New Red History Museum in Dubrovnik a Hit: Number 3 on TripAdvisor

Total Croatia News

May 30, 2019 – Red History Museum, a new museum in Dubrovnik looking at Croatia’s socialist past, is proving rather a hit on a topic which usually polarises opinion.

If there is one thing I have learned living in Croatia, it is that talking about Croatia’s recent Socialist path is the shortest way to disagreement and argument with someone. 

I can totally understand why the Tito period is so divisive, and why the former Yugoslav leader is so reviled and loved by different sections of the population. 

And so when I heard that two brothers had opened a new museum covering the socialist era in Dubrovnik of all places, I was more than intrigued. It was one thing to have an opinion online about this controversial period of Croatia’s past, but it was quite another to have a museum dedicated to it. 

As previously reported on TCN, I went to report on it and was supremely impressed, not only at the rich collections of original material, but also the balanced view that the curators were trying to present of the period. Far from being a glorification of the Socialist era, there was an educational overview of the origins, rise and fall of socialism, followed by a nostalgic tour of a fully-stocked apartment from the socialist years. As a nostalgic reminder of the past, this interactive section (including videos and adverts via the interactive app) have been very popular indeed. But the darker side of Tito’s regime is also covered in the Dark Room, with interviews of Goli Otok survivors, for example. The museum is still expanding as more exhibits come in, but this was my experience when I visited earlier this month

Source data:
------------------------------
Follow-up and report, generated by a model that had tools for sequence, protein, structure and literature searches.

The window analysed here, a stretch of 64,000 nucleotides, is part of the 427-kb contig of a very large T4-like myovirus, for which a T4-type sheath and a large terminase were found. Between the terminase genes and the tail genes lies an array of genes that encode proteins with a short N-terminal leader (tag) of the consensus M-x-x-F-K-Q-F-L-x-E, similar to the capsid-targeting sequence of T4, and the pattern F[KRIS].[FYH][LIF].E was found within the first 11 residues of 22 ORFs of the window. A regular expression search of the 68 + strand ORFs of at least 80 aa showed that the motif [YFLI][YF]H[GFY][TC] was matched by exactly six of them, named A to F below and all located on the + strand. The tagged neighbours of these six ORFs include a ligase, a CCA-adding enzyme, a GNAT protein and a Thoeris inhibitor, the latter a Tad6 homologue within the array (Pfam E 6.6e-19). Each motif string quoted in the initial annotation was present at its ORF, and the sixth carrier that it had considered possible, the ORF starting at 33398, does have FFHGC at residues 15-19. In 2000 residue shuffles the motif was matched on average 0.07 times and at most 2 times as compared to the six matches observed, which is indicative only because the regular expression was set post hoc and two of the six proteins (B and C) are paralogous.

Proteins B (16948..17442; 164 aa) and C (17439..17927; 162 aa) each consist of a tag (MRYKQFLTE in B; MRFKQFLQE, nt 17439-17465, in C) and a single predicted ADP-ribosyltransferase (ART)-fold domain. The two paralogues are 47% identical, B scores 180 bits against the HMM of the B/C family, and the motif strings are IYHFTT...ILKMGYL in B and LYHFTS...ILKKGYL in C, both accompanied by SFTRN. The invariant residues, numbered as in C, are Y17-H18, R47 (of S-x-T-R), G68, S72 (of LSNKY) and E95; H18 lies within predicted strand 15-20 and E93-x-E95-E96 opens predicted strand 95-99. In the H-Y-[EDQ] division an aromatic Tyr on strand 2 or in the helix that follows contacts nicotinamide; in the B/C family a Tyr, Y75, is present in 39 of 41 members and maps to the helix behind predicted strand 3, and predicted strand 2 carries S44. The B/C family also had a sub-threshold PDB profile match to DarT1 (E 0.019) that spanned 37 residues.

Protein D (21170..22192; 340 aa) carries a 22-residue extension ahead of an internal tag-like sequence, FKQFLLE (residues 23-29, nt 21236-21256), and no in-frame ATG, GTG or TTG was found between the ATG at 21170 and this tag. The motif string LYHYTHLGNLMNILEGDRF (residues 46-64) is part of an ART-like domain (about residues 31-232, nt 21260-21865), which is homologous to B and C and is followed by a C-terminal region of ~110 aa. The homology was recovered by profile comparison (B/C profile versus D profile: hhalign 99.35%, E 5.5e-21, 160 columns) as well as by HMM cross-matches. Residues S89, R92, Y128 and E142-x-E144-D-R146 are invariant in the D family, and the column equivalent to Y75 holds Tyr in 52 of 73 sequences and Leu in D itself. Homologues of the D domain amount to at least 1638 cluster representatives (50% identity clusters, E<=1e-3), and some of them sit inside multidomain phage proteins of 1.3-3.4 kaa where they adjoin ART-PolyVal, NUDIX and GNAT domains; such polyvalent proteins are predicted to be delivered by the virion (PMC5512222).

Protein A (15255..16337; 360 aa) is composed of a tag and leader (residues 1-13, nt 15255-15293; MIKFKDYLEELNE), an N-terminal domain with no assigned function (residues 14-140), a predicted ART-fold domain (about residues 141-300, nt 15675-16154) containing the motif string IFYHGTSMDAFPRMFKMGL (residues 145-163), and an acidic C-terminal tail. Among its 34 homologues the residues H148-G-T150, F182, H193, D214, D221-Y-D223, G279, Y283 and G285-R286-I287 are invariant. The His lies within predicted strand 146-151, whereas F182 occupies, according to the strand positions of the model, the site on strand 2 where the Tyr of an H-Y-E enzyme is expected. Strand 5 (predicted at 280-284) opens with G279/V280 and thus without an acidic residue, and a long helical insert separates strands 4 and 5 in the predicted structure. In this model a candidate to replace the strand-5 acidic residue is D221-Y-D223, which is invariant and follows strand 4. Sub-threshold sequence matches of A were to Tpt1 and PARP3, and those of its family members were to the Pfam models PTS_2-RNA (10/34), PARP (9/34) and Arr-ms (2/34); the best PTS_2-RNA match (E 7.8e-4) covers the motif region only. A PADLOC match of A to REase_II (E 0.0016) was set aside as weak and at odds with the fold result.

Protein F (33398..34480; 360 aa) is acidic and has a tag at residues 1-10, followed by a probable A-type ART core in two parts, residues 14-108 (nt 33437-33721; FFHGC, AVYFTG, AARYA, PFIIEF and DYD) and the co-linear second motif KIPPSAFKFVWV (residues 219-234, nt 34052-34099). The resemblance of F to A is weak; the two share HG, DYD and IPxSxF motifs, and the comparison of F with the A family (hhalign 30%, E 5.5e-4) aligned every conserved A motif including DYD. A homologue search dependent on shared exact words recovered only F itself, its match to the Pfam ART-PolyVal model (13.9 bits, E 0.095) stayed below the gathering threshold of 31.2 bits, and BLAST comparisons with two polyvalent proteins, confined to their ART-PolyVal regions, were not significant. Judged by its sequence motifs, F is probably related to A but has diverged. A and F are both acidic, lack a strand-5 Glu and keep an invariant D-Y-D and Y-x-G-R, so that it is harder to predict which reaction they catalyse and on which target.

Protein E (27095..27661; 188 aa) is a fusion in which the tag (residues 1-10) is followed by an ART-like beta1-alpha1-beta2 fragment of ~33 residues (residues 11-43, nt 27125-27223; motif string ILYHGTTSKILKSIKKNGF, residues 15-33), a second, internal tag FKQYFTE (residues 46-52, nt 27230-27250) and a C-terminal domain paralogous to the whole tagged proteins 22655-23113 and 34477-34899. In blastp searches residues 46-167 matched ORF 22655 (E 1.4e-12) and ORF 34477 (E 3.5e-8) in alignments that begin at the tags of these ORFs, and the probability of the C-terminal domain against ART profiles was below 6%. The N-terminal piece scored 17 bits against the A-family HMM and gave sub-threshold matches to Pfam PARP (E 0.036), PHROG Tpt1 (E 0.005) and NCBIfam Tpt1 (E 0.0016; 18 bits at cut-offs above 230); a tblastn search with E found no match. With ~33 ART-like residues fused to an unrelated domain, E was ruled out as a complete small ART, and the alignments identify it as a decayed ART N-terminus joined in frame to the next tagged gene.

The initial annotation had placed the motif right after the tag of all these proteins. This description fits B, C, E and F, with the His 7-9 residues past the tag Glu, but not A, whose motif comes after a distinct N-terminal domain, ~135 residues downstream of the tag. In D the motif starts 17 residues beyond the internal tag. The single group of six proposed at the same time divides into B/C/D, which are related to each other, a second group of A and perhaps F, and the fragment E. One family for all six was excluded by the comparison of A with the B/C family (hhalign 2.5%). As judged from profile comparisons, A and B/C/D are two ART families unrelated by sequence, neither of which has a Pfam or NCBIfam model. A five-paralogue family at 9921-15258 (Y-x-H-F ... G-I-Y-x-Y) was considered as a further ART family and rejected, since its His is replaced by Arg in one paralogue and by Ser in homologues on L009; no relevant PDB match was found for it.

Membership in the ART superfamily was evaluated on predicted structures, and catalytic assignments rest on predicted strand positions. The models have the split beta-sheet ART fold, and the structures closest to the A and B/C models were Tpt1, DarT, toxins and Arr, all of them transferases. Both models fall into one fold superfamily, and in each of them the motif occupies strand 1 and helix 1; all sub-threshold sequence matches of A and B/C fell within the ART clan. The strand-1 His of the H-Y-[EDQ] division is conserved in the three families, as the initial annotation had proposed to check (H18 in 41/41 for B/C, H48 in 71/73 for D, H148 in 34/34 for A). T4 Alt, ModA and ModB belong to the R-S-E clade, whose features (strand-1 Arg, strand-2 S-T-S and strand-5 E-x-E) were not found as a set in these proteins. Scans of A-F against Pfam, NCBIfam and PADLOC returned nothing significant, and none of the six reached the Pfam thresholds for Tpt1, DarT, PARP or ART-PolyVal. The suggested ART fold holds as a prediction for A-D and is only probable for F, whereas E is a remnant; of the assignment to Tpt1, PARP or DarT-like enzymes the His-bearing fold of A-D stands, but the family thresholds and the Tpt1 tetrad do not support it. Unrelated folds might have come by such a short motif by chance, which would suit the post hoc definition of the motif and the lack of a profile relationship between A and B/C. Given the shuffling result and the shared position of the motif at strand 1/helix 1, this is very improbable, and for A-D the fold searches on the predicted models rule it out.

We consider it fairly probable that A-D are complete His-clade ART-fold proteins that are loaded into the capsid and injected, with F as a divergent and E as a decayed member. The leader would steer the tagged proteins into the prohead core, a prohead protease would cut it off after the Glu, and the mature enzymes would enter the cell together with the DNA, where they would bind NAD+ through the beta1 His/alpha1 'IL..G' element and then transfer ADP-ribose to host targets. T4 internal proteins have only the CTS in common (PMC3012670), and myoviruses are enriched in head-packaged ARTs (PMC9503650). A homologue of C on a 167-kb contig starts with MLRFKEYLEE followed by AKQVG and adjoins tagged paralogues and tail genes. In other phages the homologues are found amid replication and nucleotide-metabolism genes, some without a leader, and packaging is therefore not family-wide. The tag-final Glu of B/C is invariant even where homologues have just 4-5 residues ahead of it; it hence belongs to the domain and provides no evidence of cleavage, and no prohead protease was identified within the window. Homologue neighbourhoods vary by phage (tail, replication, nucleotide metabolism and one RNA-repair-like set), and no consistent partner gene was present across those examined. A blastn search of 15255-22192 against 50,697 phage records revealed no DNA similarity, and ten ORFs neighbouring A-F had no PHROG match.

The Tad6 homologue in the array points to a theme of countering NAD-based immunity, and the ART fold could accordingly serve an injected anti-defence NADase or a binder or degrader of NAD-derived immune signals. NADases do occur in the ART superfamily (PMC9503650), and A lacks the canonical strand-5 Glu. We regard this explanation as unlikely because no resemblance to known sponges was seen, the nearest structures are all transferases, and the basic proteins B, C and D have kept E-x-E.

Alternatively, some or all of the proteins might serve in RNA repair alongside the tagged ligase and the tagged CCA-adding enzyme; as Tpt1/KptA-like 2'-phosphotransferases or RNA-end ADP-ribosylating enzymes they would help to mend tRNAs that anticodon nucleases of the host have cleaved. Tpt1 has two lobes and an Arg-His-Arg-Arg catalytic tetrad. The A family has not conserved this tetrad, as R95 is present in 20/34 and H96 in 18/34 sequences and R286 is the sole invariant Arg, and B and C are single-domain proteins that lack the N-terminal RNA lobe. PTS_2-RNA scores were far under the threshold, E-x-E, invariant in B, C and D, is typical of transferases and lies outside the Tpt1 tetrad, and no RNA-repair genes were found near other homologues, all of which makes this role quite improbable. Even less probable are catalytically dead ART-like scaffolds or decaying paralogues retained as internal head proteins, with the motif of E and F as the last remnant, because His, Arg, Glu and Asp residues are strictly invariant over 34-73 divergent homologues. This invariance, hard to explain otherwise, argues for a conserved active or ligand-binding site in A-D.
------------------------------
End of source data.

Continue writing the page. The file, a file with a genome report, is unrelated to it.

I met both the guys behind the museum and was impressed by their tenacity and determination to take on some a brave – and necessary – project. And I have been telling anyone who will listen about the museum since, to rather predictable initial reactions.

“A Red History Museum in Dubrovnik,” remarked one. ” That is like opening a Dinamo fan shop in Diocletian’s Palace.”

I sent my article to others, suggesting they share it to tell people about this great museum, but more than one declined, saying they were worried about the online backlash. 

These are reactions I totally understand, which makes my admiration of the guys behind the museum all the stronger, and I have been following their progress. And mighty impressive it is too. 

It seems that those prepared to experience the museum with an open mind have come out more than impressed, and Red History Museum now stands at number 3 out of 26 on TripAdvisor for museums in Dubrovnik. That is no mean feat in any city, never mind Dubrovnik which is a museum in itself. But to do so with such a topic is commendable indeed. 

Learn more about the Red History Museum on the official website


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